Microsoft’s voice assistant Cortana is coming to Windows 10. Here’s what you’re going to be able to do with it.
Earlier this year it was announced that Cortana would be making its debut on PCs and tablets like the Microsoft Surface Pro 3. On 29 July 2015, it will launch on Windows 10 in the UK, US, China, France, Italy, Germany and Spain.
With just as much sass as Apple’s Siri, she - yes, Microsoft refers to Cortana as ‘she’ - will change the way we use Windows. At least, that’s what Microsoft hopes.
But what does Cortana coming to Windows 10 actually mean for you? Here's where the personal assistant is going to lend a helping hand.
Watch our Windows 10 video covering the best new features
Brings voice control to the desktop
At the risk of stating the obvious, one thing that Cortana will bring to Windows 10 is voice control. “Hey Cortana” will fire up the friendly assistant, which is integrated into the Start menu.
While Cortana uses a Bing-powered search database to provide answers to your questions, she does a lot more, arguably more than rival voice assistants Siri and Google Now.
Cortana gets to know you and helps you get things done, learning your preferences and making recommendations. As with the mobile version, Cortana’s Notebook is home to everything she knows about you, just as a real-life assistant’s notebook would be. Opening this up will show exactly what Cortana knows, from frequent locations, to what time you get up in the morning.
Of course, if you’re not into voice controls, or you’re in a place where talking to your computer simply isn’t practical, then you can type your commands instead.
Seamless integration with Microsoft software
As with all the latest Microsoft software, the idea is that Cortana syncs up via the cloud for a seamless experience across all your Microsoft products.
Windows phone owners who have Cortana set up on their phone will find that their settings are automatically ported across to their PC when they sign in using their Microsoft ID. Cortana then automatically adjusts according to the device you’re on. She knows that if you’re asking something on mobile, you’re going to be brief, while on PC you’re more likely to be working for sustained periods of time.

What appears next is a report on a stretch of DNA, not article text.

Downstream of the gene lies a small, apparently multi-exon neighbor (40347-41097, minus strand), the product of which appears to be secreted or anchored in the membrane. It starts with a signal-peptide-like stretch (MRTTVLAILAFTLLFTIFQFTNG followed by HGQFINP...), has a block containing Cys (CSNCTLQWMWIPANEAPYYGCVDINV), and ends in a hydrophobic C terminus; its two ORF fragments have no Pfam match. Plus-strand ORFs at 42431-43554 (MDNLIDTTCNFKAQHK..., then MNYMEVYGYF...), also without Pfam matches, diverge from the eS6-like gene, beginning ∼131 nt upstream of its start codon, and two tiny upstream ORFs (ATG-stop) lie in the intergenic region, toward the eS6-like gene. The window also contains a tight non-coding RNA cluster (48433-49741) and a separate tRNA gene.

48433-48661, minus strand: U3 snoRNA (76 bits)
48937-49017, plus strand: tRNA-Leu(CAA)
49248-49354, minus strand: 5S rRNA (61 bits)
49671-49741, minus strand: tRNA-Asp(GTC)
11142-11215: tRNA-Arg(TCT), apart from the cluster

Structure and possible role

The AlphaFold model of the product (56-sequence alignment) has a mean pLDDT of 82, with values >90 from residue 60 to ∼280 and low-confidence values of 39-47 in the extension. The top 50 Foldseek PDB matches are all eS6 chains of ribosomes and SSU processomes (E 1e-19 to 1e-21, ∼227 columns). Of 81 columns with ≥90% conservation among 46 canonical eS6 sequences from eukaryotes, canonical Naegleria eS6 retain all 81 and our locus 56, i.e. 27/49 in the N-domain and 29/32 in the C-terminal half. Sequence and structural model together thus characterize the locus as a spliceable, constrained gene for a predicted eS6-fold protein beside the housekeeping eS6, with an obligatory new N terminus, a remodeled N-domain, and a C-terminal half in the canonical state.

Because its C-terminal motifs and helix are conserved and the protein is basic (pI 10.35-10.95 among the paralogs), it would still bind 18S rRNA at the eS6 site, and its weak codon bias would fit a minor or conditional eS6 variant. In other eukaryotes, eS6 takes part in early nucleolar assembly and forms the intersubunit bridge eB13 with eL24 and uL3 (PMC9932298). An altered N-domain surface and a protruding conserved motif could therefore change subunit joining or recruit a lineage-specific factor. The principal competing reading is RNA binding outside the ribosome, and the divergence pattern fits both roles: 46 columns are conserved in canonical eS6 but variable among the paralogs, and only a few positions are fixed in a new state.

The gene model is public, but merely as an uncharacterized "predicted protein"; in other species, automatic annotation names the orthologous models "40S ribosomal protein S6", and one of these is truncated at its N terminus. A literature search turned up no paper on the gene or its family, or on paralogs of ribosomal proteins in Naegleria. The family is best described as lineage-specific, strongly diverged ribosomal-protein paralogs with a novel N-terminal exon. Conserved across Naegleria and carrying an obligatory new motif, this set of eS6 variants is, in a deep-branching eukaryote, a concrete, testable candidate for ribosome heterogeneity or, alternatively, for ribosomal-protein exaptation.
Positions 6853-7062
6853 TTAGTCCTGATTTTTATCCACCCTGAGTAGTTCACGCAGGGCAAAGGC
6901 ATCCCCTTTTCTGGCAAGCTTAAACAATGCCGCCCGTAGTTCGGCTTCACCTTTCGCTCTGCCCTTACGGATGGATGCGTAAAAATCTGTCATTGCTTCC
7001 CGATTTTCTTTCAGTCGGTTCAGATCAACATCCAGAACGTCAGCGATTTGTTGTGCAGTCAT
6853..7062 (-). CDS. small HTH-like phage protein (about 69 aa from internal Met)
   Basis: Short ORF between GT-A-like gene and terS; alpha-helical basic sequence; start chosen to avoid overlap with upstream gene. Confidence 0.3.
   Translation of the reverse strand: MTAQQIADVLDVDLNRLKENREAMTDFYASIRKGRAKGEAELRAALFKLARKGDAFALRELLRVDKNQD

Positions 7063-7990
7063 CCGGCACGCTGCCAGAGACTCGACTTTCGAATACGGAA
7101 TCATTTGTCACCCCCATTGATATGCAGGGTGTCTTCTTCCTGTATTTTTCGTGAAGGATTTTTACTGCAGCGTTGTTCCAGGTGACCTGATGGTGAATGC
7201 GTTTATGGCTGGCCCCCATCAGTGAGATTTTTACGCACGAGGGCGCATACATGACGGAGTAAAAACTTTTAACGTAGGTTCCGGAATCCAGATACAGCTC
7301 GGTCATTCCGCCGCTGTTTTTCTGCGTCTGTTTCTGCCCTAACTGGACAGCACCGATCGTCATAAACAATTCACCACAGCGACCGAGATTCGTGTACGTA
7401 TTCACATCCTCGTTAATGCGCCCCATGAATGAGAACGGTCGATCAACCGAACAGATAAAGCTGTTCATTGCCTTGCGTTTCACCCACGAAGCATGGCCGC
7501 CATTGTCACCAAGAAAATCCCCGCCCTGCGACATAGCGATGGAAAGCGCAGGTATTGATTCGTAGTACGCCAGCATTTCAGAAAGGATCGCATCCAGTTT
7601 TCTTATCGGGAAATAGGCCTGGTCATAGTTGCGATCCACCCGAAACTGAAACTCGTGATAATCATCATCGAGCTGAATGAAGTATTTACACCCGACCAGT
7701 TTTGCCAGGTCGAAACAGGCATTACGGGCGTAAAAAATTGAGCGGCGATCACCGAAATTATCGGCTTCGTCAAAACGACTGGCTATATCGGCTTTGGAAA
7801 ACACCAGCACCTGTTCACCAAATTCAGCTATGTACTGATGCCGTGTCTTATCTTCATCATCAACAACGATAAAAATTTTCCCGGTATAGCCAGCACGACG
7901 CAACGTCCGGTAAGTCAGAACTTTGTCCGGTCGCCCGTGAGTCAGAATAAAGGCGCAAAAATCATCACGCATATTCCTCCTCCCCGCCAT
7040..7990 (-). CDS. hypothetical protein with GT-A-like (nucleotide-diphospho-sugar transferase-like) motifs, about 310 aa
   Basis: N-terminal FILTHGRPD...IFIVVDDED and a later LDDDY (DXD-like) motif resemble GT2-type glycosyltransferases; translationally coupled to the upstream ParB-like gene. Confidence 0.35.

Cortana is also made to work seamlessly with all your Microsoft software, so if you tell her to “Call Michael”, she’ll automatically put a call in using Skype.
As you’d expect, you can ask Cortana to carry out all sorts of functions in your other Windows 10 programmes, like set up reminders and add things to the calendar, take notes in Notepad, check directions in Bing Maps and play music in the new Music app.
Related: Windows 10 Start Menu explained
Link up with your favourite apps
As well as linking up with all your Windows software, Cortana is also capable of linking up with third-party apps.
Universal Windows apps can integrate with Cortana for an even smoother user experience, with both Uber and Viber already confirmed. This means that you can perform app functions through Cortana without even needing to open up the app.
For example, if you’ve previously used Viber to send a message to a friend, you could use Cortana to say “send a message to Michael telling him I’m running late using Viber”. Cortana would then take care of this before asking you to confirm before sending, saving you valuable time and preventing you from turning up even later.
Related: Windows 10 vs Windows 7
Tailored to where you live
Cortana is tailored to reflect the local language and customs, which is why it isn’t available for all markets directly from launch. Each market has its own local team of writers, editors, programmers and voice talent.
The clever voice recognition software is trained not only to recognise local speech patterns but also more subtle differences, such as irony, sarcasm and even the famous British self-deprecating humour.
Microsoft has carried out research into what kind of voice each market wants to hear, with UK users apparently favouring a voice that sounds like the ‘English Rose’.
But it’s not just differences in language that Cortana has to deal with. Local customs, festivals and weather are taken into account, giving users the information that they require for their region. For example, in China, Cortana gives air quality readings as part of the weather report, something that’s vitally important given that its cities have such high levels of air pollution.
Give your PC some personality
Like Apple’s Siri, Cortana has her own personality and is no stranger to a bit of fun - she’ll sing you a song or tell you a joke if you ask.
Cortana was designed to reflect a real-life personal assistant, and was named after the fictional AI character in the Microsoft-published Halo videogame series. The original US Windows Phone version of Cortana is even voiced by Jen Taylor, who also provided the voice talent in the games.
As such, Cortana contains plenty of easter eggs related to the game’s protagonist Master Chief. She’s also armed with quips about Microsoft CEOs.
Cortana even has a wisecrack ready if you ask her about Microsoft’s former Office Assistant ‘Clippy’ - the irritating and inexplicably unhelpful little sod of a paperclip who was thankfully killed off some years ago.